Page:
Water negotiator 'guardedly' upbeat about deal

Georgia Power President Michael Garrett, chosen by Gov. Sonny Perdue to end the Southeastern water war, said Thursday he’s “guardedly optimistic” that a water-sharing deal between Georgia and Alabama can be reached by year’s end despite nearly two decades of fruitless efforts.

Then, according to Garrett, Georgia can attempt to resolve a separate water fight with Florida over the Chattahoochee River.

Garrett, in an interview after a Gwinnett Chamber of Commerce luncheon, also welcomed an Alabama judge’s decision this week to, in essence, postpone a trial over metro Atlanta’s water withdrawals from Lake Allatoona.

U.S. District Court Judge Karon Bowdre decided to give the governors of Georgia and Alabama time to negotiate a water-sharing deal.

“I don’t think it will take a long time to determine whether or not we can do a deal,” Garrett said. “If we’re not able to do something by the end of the year, it will be terribly disappointing.”

Atlanta and Perdue gained some breathing room when Bowdre stayed, until mid-November, Alabama’s case against the U.S. Army Corps of Engineers and Allatoona.

Garrett labeled Bowdre’s move “a good sign for Georgia” — even if Perdue and Alabama Gov. Bob Riley don’t quite reach an Alabama-Coosa-Tallapoosa (ACT) river basin agreement by then.

“The judge was very smart to say, ‘Let’s see if these negotiations are going to work,’ ” said Garrett, who visited Alabama on Monday for water war talks. Bert Brantley, spokesman for Perdue, noted that his boss and Riley have agreed to meet before Bowdre’s mid-November deadline.

(Florida, though, has not. Brantley said Perdue’s staff hasn’t heard from Florida Gov. Charlie Crist. Crist’s spokesmen haven’t returned numerous calls this week from the AJC.)

Bowdre’s decision “is a very positive sign and proof that both states believe some progress and gains can be made in the negotiations,” Brantley said. “All sides know very well the issues; it’s just a matter of will to get a deal done.”

Riley’s staff, too, praised Bowdre’s decision — a rare, harmonious note from the two competing states. “Alabama has always felt that a solution is within reach as long as all parties come to the table ready to compromise,” said Todd Stacy, spokesman for Riley.

Garrett holds the seemingly impossible position of trying to end 19 years worth of legal, political and hydrological disagreements between Georgia, Alabama and Florida. The water wars — one pits Alabama against Georgia, the other sets Georgia against Florida and Alabama — have ebbed and flowed since 1990 when Georgia’s neighbors first took aim at Lakes Lanier and Allatoona.

Both cases are disturbingly similar — from Georgia’s unfortunate vantage point. Alabama and Florida have sued the Corps over its management of the two lakes. Alabama claims the Corps allows metro Atlanta to take too much water from Allatoona, which feeds the ACT river basin that flows through Alabama.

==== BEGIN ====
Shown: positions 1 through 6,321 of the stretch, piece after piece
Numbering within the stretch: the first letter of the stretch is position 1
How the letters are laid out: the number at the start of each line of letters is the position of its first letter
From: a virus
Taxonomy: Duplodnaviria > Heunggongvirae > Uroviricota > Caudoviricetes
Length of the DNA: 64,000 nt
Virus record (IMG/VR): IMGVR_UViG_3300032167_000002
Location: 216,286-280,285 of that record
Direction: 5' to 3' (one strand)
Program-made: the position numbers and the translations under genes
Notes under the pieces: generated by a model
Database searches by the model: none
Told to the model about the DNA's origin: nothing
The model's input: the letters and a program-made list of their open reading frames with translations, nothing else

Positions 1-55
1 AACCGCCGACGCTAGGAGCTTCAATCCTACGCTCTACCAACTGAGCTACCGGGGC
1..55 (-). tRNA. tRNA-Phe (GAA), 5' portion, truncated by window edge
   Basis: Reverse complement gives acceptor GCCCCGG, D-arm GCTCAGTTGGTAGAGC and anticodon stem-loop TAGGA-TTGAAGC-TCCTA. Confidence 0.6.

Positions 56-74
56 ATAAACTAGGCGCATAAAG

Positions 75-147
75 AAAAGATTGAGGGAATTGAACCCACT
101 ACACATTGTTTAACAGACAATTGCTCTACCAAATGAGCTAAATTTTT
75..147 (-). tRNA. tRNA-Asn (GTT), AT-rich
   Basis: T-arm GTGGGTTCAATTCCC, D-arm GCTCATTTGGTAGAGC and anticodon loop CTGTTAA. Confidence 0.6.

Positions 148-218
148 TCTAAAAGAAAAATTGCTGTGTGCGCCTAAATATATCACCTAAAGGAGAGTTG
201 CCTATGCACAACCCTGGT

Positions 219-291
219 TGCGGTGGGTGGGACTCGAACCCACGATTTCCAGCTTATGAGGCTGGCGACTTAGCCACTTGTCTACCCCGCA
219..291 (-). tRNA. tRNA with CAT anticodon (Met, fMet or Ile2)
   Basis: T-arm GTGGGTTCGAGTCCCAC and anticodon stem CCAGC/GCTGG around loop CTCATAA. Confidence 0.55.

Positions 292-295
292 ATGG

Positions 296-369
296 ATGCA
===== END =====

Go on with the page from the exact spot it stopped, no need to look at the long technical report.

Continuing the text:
Alabama and Florida also accuse the Corps of letting Atlanta tap too much of Lanier, which flows into the Apalachicola-Chattahoochee-Flint (ACF) river basin that empties into Florida. Nearly 4.5 million Atlantans depend upon the reservoirs for drinking water. U.S. District Court Judge Paul Magnuson’s ruling last month that Atlanta’s withdrawals from Lanier are illegal could signal the death knell for North Georgia’s growth and development.

Magnuson said if no deal is reached within three years, he’ll restrict Atlanta’s withdrawals from Lanier to mid-1970s levels. Goodbye sprawl and prospects for an additional 3 million people expected to move to North Georgia by 2040.

Garrett, who heads up Perdue’s water-war task force of 130 business, government and political officials, said Magnuson “probably did us a favor.”

“We’ve been working on this for 18, 19 years, and it needs to come to some resolution,” he said. “We can’t go back to the office and push this to the side and ignore it.”

Garrett added, though, if no deal is reached by Magnuson’s deadline, then North Georgia communities — Lanier-dependent Gwinnett County in particular — “need to look at emergency interim measures” to keep the taps flowing. He meant lawsuits.

Garrett, who worked for Alabama Power for more than a decade, has reviewed water war negotiations between Alabama and Georgia that almost came to fruition in 2003 and 2007. Two sticking points then and now: water flows at the Georgia-Alabama line; and lake levels, during drought and non-drought times, at the seven reservoirs Alabama Power owns along the Tallapoosa River.

Dealing with Alabama before Florida “is clearly my goal,” Garrett said. “I know the players in Alabama, the issues over there. They know me. [And] they don’t have much of an issue with the ACF. They entered into that lawsuit [with Florida], in my opinion, to get attention on the ACT.”

Alabama’s lawsuit contends Georgia takes too much Chattahoochee River water upstream at Lanier to the detriment of Alabama Power’s nuclear power plant near Dothan. Other industries and Alabama communities use the Chattahoochee, too. Riley’s spokesman disagreed with Garrett’s contention that the Chattahoochee isn’t critical to Alabama.

“Alabama is interested in protecting all the water that Alabamans depend on,” Stacy said. “That includes both river basins.”

Garrett’s strategy follows this trajectory: appease Alabama first; then mollify Florida and its stated desires to protect oysters and mollusks in the Apalachicola Bay; and, finally, get Congress to authorize Lanier for drinking water. Magnuson ruled that Congress never established Lanier as a source of drinking water. He also suggested Congress’ imprimatur on any water-sharing deal.

“It should be relatively easy to get Congress to pass it if we get all three states on the same page,” Garrett said.